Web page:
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Greater demand could have been a plus for Yehudah Fink, the director of administration at David Elliot Poultry in Scranton, Pennsylvania. But he said the poultry shortage made the past few months “unbelievably nightmarish” and resulted in the company’s leaving a lot of money on the table for orders it couldn’t fill. Fink said that at times, orders were up to four times greater than supply.

“This never happened before. It’s never been this way,” Fink said. “We’ve had shortages, but nothing quite as bad.”

Meat and poultry consumption surges during Passover because many other foods are off-limits. That’s why, as the holiday approaches, David Elliot typically has a half-million pounds of chicken in its freezers — enough to make it through two to three weeks.

This year, his supply has gone out as fast as it has come in. Late last month, Fink said, an order of 1,500 chickens for Passover season wasn’t filled because of an abnormally high mortality rate among chicks. Skyrocketing prices of grain and chicken feed, along with pandemic plant closures, mean even fewer chickens are available in the broader market.

Beef prices are much higher, too, which drives more consumers to chicken, making the situation even worse.

“Our beef is more expensive to produce than our chicken, which reflects the fact that it’s a larger animal and it takes longer to raise,” said Gidon van Emden, the CEO of KOL Foods, a grass-fed meat and poultry producer in Silver Spring, Maryland. “Because our farmers do work on a market, they can get more for beef than they can get for chicken per pound.”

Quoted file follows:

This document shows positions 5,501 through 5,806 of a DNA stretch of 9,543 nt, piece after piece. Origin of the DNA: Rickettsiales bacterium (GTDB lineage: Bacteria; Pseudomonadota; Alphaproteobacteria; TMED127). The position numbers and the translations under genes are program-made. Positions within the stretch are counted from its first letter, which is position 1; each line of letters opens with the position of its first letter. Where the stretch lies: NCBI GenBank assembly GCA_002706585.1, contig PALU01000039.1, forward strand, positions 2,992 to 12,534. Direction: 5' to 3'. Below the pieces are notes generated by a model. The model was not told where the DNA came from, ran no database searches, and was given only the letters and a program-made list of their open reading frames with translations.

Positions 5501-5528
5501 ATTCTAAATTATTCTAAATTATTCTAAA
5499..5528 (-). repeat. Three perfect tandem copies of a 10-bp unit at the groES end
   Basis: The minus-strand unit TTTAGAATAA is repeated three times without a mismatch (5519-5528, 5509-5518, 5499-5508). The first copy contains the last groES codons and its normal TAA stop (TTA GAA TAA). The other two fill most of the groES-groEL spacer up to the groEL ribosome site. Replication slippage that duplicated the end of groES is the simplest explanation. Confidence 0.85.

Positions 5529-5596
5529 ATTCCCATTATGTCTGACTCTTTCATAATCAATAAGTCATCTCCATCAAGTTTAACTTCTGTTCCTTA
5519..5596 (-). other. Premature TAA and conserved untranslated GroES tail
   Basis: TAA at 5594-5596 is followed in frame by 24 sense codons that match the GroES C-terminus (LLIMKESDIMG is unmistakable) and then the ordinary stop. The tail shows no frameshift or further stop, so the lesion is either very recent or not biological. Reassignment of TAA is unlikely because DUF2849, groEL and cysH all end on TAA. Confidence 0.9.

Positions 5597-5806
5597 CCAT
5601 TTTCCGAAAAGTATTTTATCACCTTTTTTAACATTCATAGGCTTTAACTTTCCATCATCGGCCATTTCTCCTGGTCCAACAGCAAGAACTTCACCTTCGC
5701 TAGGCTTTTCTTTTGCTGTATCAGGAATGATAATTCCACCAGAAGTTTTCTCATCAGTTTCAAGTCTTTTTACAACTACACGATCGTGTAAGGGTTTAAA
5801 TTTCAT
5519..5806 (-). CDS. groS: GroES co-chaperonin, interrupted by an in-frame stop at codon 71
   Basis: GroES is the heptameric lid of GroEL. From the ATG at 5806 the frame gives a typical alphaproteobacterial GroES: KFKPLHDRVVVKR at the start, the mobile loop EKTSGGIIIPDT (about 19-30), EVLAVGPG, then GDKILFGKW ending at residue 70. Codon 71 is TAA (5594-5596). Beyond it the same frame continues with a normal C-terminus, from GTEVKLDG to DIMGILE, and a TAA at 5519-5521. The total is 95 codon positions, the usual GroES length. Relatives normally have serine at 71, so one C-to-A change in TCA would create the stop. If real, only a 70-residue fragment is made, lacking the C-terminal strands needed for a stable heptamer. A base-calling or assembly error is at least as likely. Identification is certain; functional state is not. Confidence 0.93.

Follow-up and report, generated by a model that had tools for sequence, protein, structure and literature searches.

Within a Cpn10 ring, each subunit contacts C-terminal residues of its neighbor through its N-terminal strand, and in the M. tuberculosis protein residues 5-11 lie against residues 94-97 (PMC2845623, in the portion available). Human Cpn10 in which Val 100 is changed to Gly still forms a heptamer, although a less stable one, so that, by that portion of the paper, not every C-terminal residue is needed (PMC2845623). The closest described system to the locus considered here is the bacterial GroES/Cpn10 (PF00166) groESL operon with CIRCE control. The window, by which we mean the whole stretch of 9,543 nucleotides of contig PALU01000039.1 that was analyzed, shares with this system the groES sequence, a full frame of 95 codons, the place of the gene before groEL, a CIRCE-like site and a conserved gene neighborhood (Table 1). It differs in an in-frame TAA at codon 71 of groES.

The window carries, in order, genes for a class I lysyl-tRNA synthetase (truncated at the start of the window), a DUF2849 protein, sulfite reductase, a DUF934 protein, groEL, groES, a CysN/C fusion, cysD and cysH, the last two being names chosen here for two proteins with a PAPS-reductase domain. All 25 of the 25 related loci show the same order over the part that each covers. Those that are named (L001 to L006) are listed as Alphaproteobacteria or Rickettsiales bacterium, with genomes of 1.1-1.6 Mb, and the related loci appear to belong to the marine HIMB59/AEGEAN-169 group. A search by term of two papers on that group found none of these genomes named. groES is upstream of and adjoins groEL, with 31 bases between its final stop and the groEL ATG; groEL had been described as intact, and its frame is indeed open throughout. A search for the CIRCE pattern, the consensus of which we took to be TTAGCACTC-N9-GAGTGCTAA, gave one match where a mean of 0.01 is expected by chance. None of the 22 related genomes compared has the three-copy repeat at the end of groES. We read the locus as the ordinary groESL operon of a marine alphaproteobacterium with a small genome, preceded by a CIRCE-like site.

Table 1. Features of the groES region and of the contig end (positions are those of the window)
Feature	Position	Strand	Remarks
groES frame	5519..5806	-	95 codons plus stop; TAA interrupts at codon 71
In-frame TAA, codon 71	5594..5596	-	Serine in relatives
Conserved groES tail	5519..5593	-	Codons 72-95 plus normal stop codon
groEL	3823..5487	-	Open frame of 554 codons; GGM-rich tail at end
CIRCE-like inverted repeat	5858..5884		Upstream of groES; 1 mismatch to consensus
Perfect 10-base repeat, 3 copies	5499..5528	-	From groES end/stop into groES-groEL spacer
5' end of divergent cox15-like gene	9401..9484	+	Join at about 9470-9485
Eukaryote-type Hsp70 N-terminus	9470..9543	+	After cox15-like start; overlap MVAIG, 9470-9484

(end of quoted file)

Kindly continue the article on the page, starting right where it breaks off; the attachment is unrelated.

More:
Van Emden said lamb has also been difficult to get, as well as items like kosher-for-Passover hot dogs, turkey sausages and bone broth, which has contributed to higher prices. 

For grocery store operators, rampant inflation has made Passover a high-stakes balancing act between their costs and the prices on the shelves. Supply chain problems, rising commodity prices for wheat and oil and high gas prices have helped push up costs on most products.

Matzo, which substitutes for bread and is basically flour and water, is often used as a loss leader to lure in shoppers in the hope that they will buy the rest of what they need while they’re in the store. Manischewitz, the biggest matzo manufacturer in the country, raised prices on its kosher-for-Passover matzo by 10 percent to 15 percent this year, according to grocers, which means the loss on that loss leader just went up by double digits.

Eli Siegel, the general manager of Market Maven, a kosher grocery store in Pikesville, Maryland, said around 90 percent of his products are private-label, which has made the balancing act a little easier. Siegel, who uses a lot of vendors, said national shortages haven’t been a big problem. 

Source: This post first appeared on NBC News

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